Although I believe that color is grand

Gilbert dropped his pen. What was he thinking? They had grown to laugh at the slate incident, but it had no place in an ode to her beauty. And if "carrots" had sparked a five-year grudge, who knows what degrading poetry by mentioning "ferrets" would do!

No metaphor that came to mind seemed romantic enough to bother writing down. Any potential lines of verse felt dull and uninspired. The words were just words, not the thrilling cadences he wanted to impress Anne with.

He yawned. It was getting late. Although Gilbert had recovered from typhoid, his lack of sleep had contributed to him falling ill in the first place. He was reluctant to repeat that. Surely, he should go to bed and drowse…drowse…drowse rhymed with eyebrows!

But how could he work that in? Surely, Anne would never make him drowse. Love wasn't about falling asleep; it was about coming awake and alive to the glorious feelings in your heart.

But there was no reason why he could not say that her eyebrows did not make him drowse. It still rhymed. And thinking about her eyebrows did indeed prevent him from drowsing in this moment. Well, perhaps not just her eyebrows…they were a pretty thing made extraordinary by being a part of Anne-his Anne. Maybe he could write about that. He didn't simply love her eyebrows; he loved all of her, and her eyebrows were a part of that. The outer beauty was only a particularly lovely container for all that he loved about her.

Gilbert found a blank page in his journal. Carefully tapping out the syllables and rhythm, he put his adoration into words, not caring about metaphors or flowery verse or making the words sing like music. He just wrote. And it stopped being about impressing her. He trusted that Anne would still care for him, no matter how dreadful his poetry was. He just wanted to show her his love.

After breakfast in the Green Gables kitchen, Anne drifted up the stairs to find a book. Before she could reach the top, however, she heard a knocking at the door, and Marilla answering it. She stopped at the top step.

Gilbert's familiar voice filled the house. "Good morning, Marilla. Is Anne here?"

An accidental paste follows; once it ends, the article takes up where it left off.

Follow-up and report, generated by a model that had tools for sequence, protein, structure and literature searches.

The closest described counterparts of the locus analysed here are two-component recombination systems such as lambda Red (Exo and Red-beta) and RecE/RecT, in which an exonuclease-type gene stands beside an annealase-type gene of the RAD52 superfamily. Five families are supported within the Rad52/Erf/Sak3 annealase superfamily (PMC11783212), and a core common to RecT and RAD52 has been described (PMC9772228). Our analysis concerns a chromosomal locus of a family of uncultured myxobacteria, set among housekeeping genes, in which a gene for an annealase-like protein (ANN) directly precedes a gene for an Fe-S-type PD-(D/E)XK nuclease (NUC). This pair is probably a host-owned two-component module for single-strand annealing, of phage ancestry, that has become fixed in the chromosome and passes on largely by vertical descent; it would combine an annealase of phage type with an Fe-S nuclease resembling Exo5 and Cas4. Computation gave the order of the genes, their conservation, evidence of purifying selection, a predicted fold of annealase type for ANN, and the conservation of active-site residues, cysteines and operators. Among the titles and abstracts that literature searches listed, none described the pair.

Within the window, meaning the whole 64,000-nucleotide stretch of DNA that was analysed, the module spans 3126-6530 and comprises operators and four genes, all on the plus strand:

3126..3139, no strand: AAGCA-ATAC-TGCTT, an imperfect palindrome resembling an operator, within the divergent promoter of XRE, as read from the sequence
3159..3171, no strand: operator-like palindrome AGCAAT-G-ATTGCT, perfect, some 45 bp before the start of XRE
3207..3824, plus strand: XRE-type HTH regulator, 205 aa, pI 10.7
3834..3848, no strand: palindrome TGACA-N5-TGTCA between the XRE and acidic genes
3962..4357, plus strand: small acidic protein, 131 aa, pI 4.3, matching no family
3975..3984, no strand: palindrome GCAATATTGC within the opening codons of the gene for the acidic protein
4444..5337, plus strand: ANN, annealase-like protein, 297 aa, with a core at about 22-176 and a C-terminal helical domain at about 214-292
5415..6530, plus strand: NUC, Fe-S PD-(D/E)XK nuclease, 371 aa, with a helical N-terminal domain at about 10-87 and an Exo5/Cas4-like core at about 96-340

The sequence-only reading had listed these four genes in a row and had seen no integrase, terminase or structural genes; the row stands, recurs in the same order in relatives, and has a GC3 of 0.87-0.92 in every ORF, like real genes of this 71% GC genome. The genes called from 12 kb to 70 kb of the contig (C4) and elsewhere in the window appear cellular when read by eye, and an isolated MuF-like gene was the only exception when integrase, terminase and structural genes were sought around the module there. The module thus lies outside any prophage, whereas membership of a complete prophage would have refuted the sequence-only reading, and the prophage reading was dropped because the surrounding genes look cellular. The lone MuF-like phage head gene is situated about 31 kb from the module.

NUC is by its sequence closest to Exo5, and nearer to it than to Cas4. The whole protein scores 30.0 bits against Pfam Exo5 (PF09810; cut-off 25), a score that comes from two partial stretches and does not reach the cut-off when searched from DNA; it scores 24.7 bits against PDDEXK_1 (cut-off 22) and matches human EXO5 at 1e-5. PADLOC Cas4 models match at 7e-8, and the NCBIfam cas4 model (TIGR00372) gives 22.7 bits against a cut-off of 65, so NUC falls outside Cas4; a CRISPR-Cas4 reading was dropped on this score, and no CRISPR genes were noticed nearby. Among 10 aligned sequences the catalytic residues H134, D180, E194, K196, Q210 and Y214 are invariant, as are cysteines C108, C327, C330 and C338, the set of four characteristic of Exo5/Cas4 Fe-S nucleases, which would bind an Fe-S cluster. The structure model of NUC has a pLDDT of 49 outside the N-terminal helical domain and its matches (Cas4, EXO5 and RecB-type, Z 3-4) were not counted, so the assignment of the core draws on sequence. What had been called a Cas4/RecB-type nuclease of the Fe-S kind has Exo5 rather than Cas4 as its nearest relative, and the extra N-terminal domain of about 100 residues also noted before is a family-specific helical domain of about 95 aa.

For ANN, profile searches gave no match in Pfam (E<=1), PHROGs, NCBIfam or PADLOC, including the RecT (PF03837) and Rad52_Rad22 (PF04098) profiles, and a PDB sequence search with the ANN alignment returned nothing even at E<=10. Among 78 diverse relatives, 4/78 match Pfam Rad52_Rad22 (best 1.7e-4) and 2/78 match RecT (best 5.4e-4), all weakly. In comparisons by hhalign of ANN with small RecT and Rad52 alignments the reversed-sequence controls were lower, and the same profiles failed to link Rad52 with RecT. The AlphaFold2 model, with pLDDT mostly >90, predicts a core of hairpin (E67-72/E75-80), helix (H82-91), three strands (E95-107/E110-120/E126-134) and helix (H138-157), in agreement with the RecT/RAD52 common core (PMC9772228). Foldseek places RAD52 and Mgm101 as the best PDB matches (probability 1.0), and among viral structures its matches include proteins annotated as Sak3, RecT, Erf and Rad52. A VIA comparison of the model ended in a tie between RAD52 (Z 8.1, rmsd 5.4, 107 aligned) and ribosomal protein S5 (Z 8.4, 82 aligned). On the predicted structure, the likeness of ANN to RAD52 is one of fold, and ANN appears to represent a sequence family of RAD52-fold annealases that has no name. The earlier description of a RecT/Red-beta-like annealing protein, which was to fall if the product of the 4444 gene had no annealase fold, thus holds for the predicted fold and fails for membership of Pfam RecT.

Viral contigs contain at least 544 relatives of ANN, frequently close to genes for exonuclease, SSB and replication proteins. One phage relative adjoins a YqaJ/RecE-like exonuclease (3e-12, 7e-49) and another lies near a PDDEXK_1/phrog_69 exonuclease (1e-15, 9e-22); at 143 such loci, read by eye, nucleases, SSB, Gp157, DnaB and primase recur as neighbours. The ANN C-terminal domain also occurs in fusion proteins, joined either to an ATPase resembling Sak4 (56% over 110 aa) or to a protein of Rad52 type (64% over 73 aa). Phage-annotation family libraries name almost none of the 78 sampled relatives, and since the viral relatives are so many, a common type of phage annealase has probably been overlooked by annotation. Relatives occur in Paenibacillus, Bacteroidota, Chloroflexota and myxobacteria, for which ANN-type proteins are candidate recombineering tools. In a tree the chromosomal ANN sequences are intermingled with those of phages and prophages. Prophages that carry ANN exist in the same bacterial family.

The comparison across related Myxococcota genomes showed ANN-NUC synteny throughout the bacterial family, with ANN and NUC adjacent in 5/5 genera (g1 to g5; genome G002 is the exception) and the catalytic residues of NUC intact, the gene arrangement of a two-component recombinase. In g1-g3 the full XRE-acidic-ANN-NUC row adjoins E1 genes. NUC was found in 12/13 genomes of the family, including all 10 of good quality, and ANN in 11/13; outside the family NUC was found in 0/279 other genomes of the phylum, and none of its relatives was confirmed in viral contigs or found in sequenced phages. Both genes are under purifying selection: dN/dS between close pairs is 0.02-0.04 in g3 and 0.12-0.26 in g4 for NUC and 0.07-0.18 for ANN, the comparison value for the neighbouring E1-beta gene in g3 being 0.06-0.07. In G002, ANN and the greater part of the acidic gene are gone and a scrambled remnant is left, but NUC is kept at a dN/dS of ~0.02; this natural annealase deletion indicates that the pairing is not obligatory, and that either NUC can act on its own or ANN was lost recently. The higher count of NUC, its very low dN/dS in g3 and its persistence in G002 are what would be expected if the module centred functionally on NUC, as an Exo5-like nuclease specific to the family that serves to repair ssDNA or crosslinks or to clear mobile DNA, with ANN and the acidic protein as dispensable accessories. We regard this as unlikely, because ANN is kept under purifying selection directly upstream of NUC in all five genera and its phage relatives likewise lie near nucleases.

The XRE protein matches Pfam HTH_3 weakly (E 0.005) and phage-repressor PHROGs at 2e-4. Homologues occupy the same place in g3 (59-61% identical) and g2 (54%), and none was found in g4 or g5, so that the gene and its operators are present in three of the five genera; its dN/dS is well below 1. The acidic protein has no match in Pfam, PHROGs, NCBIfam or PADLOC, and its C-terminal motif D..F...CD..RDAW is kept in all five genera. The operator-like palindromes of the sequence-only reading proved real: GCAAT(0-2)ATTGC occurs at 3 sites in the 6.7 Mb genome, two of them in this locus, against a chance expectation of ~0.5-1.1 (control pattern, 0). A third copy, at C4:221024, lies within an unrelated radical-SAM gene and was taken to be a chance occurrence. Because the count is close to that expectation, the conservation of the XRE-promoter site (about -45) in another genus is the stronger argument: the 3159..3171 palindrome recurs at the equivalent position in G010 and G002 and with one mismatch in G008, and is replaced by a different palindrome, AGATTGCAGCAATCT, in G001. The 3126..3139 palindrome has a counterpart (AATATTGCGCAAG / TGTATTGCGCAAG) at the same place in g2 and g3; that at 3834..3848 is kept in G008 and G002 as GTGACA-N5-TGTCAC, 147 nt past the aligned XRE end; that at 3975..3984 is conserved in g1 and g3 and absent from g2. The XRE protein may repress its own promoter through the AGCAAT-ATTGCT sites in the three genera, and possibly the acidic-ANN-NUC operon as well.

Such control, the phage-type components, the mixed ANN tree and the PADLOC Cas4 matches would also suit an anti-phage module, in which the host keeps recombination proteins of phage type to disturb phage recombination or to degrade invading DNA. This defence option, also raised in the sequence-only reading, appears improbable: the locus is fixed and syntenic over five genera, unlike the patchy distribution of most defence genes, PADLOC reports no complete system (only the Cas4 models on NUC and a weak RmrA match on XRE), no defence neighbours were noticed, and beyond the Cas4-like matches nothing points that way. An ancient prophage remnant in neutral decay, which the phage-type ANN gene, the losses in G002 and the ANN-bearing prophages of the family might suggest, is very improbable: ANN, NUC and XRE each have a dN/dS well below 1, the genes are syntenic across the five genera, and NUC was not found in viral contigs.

"Yes, she just went upstairs."

Anne bounded down the stairs. "I'm here!" she called out.

Gilbert's face broke out into a jovial smile when he saw her. "Top of the morning to you, Miss Shirley!"

Marilla was shaking her head, but her lips were turned into a small smile nonetheless. "Anne, do be careful when you run down the stairs. I won't have you twisting your ankle."

"Yes, Marilla," Anne said dutifully. Suddenly, she became quite self-conscious over the sensible, but not pretty, dress she was wearing that morning. She hadn't expected Gilbert to come over this early in the day.

But looking at him, she could tell he did not care in the least. So, she swallowed the desire to impress him and instead took his hand. "I'll be home by lunch, Marilla," Anne promised.

"Don't get lost in the woods, then."

"We won't!" Gilbert promised cheerfully.

"And Gilbert, why don't you come over for lunch?" Marilla said.

Gilbert smiled, touched. "That would be delightful. Thank you, Miss Cuthbert."

"My pleasure." Before Anne had turned around to walk out the door with Gilbert, she saw the contented, gratified look on Marilla's face as she regarded the pair.

The two went for a stroll down Lover's Lane. At first, Anne tried to make idle chatter about Davy's latest exploits, and Gilbert laughed and listened along. However, soon there was far more silence than speaking. Anne was lost in thought. She was thinking about the romance of wandering down Lover's Lane with her lover. She had always longed to take such a walk. But this, she supposed, was more than a romantic idea. It was real and tangible and now. Romance was sweeping gestures and grand speeches and running across the wild moors. But it was not the same as love. Romance was well and good, but if it was not built on a foundation of love, any connection would surely tumble down.
Gilbert also appeared to be deep in thought, and he did not seem to mind the companionable silence between them.

After their rambling walk, they found a mighty oak in the forest to sit under while they enjoyed the other's company (however, they did not go very deep in the woods, true to their promise to Marilla). The tree seemed to provide comfort and protection in its sturdy roots and imposing stature. And it was just one of many that made up the forest. Looking up at the canopy of trees, Anne felt lucky to have all of them watching over her, and for her to watch. The canopy was as beautiful a sight to have overhead as a night full of stars.

After a moment of sitting in contentment side-by-side underneath the oak, Gilbert broke the silence with an announcement. "As promised, I have written you a sonnet."

Anne started. She thought he had been joking. Had he really written her a sonnet? And on such short notice!